Hanson Carlen ignited with work deep into next year
Owners claim company is busier now than it was before pandemicNovember 19th, 2020
A look of disbelief ran across David Hanson’s face as he pondered the backlog of work orders that started early this year and now extends deep into next year for his architecture and construction company.
As the last remaining principal of Hanson Carlen Architecture & Construction Inc., the 56-year-old Hanson saw his brother, Tom, retire from the company late last year, just months before the arrival of the coronavirus to the U.S.
Then, almost as if on cue, work orders to the high-end luxury residential construction company arrived in unprecedented fashion at the onset of the pandemic, and they haven’t stopped.
“It’s amazing,” Hanson says. “In the history of this company, we’ve never been busier. Maybe it’s because people are staying at home and thinking about their projects.”
Adds Hanson, “It’s just crazy. We’re out over a year and turning down stuff.”
Founded in 1975 by his father, Dewey Hanson, now 92, David Hanson has picked up where his father, brother, and brother-in-law, Dana Carlen, all left off. Carlen retired as a company principal in 2015, Hanson says.
Hanson and the firm’s lone architect, Janette Hruban, work out of a roughly 800-square-foot suite at 112 S. Monroe, at the southwest corner of Monroe Street and First Avenue.
However, construction recently started on its new, 2,100-square-foot building located at 1803 W. Fifth, immediately north of Interstate 90, and directly south of the Browne’s Addition neighborhood. Hanson Carlen is executing its own design-build project. Hanson says the company expects to move into the building sometime during the first quarter of next year.
Hanson Carlen employs a total of 12 workers, 10 of whom are either working remotely or on assignment. Hanson Carlen specializes in custom residential design and construction, according to Hansen.
The company is currently working on two “good-sized projects” and another that’s smaller in scope, he says.
“Next year, we’re looking at building a new home on the South Hill on about 65th (Avenue), and another fun one is a tear down and rebuild of lake home with a steep grade on Liberty Lake,” Hanson says. “And we’ve got another three currently in design.”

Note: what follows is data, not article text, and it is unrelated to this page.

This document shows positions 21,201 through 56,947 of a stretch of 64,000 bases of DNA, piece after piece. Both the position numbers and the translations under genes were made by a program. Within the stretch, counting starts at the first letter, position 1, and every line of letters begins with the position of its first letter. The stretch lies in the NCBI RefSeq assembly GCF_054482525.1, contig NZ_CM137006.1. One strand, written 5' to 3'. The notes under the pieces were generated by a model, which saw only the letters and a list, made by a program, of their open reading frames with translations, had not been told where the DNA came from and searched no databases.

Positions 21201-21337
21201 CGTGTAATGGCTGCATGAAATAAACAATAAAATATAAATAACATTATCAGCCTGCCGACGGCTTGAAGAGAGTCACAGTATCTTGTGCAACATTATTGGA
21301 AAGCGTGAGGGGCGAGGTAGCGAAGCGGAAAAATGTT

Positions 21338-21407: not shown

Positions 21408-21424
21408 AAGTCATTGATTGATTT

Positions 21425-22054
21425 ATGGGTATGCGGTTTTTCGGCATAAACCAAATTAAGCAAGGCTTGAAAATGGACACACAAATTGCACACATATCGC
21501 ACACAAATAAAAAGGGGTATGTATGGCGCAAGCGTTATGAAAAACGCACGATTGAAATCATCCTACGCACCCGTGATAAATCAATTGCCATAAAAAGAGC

Hanson says half the company’s work is in the form of new residential construction with the rest of the work dedicated to remodeling.
“My father moved the family and the business here from Moorhead, Minnesota in the mid-’70s,” Hanson says. “Our roots were always in craftsmanship. Dad was just a great craftsman.”
Roughly a dozen years ago, the company moved into architectural space. Hruban joined the firm eight years ago.
Hruban earned her undergraduate degree in architecture from Kansas State University, in Manhattan, Kansas.
The wife of a retired U.S. Army veteran, she’s worked for architecture firms in Germany and Japan, as well having worked on projects for both the U.S. Air Force and the Army, she says.
“I ended up being able to work in almost every place we lived,” Hruban says.
More than any of her previous assignments though, Hruban says residential architecture is her favorite work.
“I get the opportunity to really get to know my clients and understand what their dreams are and help bring those dreams to fruition,” she says.
Last year, the company earned a national bronze award in the annual Masters Design Awards’ residential category contest for its design-build of a 650-square foot, $127,000 pergola for a private, homeowner client that was built to replace an acutely flawed structure.
The Master Design Awards competition began 42 years ago with the desire to recognize remodelers, architects, builders, kitchen, bath specialists, and other professionals for outstanding project design and construction.
That same project earned the company a 2019 Chrysalis Award, another national awards program – started in 1994 – which recognizes the nation’s best work in more than a dozen general categories of residential and commercial remodeling.
In a press release announcing Hanson Carlen’s award, Ken Kanline, the program’s director writes, “This company has won four Chrysalis Awards in the past nine years, demonstrating their ongoing commitment to professionalism and excellence.”
Despite the building accolades and increase in demand for work, Hanson says the company has found a comfortable niche in the higher-end residential home market in the Inland Northwest and doesn’t want to jeopardize its standing by expanding.
“I think we’re very content with where we are size-wise,” he says. “Janette is at her limit with what she can do. I’m at my limit of what I can do, and our field people are just going nonstop right now.”
“At this point in my career, I’m happy with the size we are,” Hanson says. “We want to work for a clientele we can have fun with on projects.”
Hanson adds, “We like things that are hard, high-end, and test our mettle as craftsmen. That’s kind of where our niche is.”